SEL. Social-Emotional Learning (SEL) has really taken hold, with organizations like the Orwellian-named Committee for Children and the influential CASEL, the go-to VDOE reference, pushing it.

SEL is certainly intrusive. See Systemic Implementation.

SEL is woven into all students’ educational experiences. More than a single lesson or activity, SEL is integrated across key settings where students live and learn: classrooms, schools, homes, and communities.

It is also widespread. VDOE reports:

Seventy-six percent of principals and 53 percent of teachers nationally reported that their schools used a social and emotional learning (SEL) program or SEL curriculum materials in the 2021–2022 school year.

Indeed, the 2020 Virginia General Assembly and Governor Northam made SEL mandatory. They proclaimed it would advance excellence, equity, and inclusion.

HB 753, Social-emotional learning, was passed by the 2020 General Assembly. Signed by the governor, it directed his VDOE to:

develop guidance standards for social-emotional learning for all public students in grades kindergarten through 12.

In compliance, the Northam VDOE established a uniform definition of social-emotional learning and developed the Virginia Guidance SEL Standards.

That standards document anticipates:

Higher achievement test scores (+14 percent)

No footnote was offered in support of that prediction.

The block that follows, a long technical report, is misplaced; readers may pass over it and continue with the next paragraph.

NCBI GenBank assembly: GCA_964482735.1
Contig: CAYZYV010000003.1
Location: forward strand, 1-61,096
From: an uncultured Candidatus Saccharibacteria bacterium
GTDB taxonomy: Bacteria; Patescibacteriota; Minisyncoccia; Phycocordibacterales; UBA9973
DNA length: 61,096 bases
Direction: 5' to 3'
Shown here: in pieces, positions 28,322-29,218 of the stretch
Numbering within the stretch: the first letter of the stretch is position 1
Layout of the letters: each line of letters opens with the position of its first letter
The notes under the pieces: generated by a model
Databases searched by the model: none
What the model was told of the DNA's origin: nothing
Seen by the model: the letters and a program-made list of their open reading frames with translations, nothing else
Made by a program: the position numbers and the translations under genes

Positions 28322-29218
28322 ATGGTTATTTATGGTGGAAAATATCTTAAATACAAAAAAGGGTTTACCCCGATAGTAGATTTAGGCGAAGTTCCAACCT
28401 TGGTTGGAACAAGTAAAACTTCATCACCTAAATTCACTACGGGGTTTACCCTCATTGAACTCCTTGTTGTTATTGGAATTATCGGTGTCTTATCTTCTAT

Now neither the current VDOE list of things the data say about SEL nor the data sources listed in that same document cite improved academic outcomes among its expected advantages.

VDOE recommendations to improve the public schools. VDOE, in response to 2022 House Bill 938, this month publishedRecommendations of the Secretary of Education and the Superintendent of Public Instruction to promote excellence and higher student achievement in response to House Bill 938.”

Its charter was prescribed very narrowly by the General Assembly to avoid any discussion of school choice.

Bottom line. Overall, the NAEP results are discouraging. A very deep hole has been dug.

For reading instruction, both the Virginia Literacy Act of 2022 and the Youngkin VDOE’s implementation of it are promising and show conviction.

That is the end of the good news.

The biggest declines in NAEP scores — the ones that drag the state averages down — as in every other standardized test set, are among poor minority children.

Those kids are not only statistics, they are children.

The local schools for too many poor minority kids remain abysmal. Some have been getting worse, not better, for years, not just during COVID. Many go from bad neighborhoods to bad schools in bad school divisions.

SEL, designed to help them, so far has proven at best irrelevant to academic learning.

School divisions are dysfunctional in many urban districts, captives of teachers unions, not serving parents and kids. Unlike in many other states, in Virginia those kids effectively have no options to their local public schools. They and their parents have no choices.

Only three actions will help transform their opportunities:

  1. a change to the state constitution mandating school choice, for which options include open enrollment, charter schools and vouchers;
  2. a change to the constitution enabling the state to take control of failed school divisions, as most states have; and
  3. Better enforcement of existing laws. Kids need to be safe in their neighborhoods and schools. They need to actually go to school rather than be chronically absent. Those are all matters for law enforcement and social services under current law, but they are also undeniably school quality and academic outcome issues.

Anything else is magical thinking.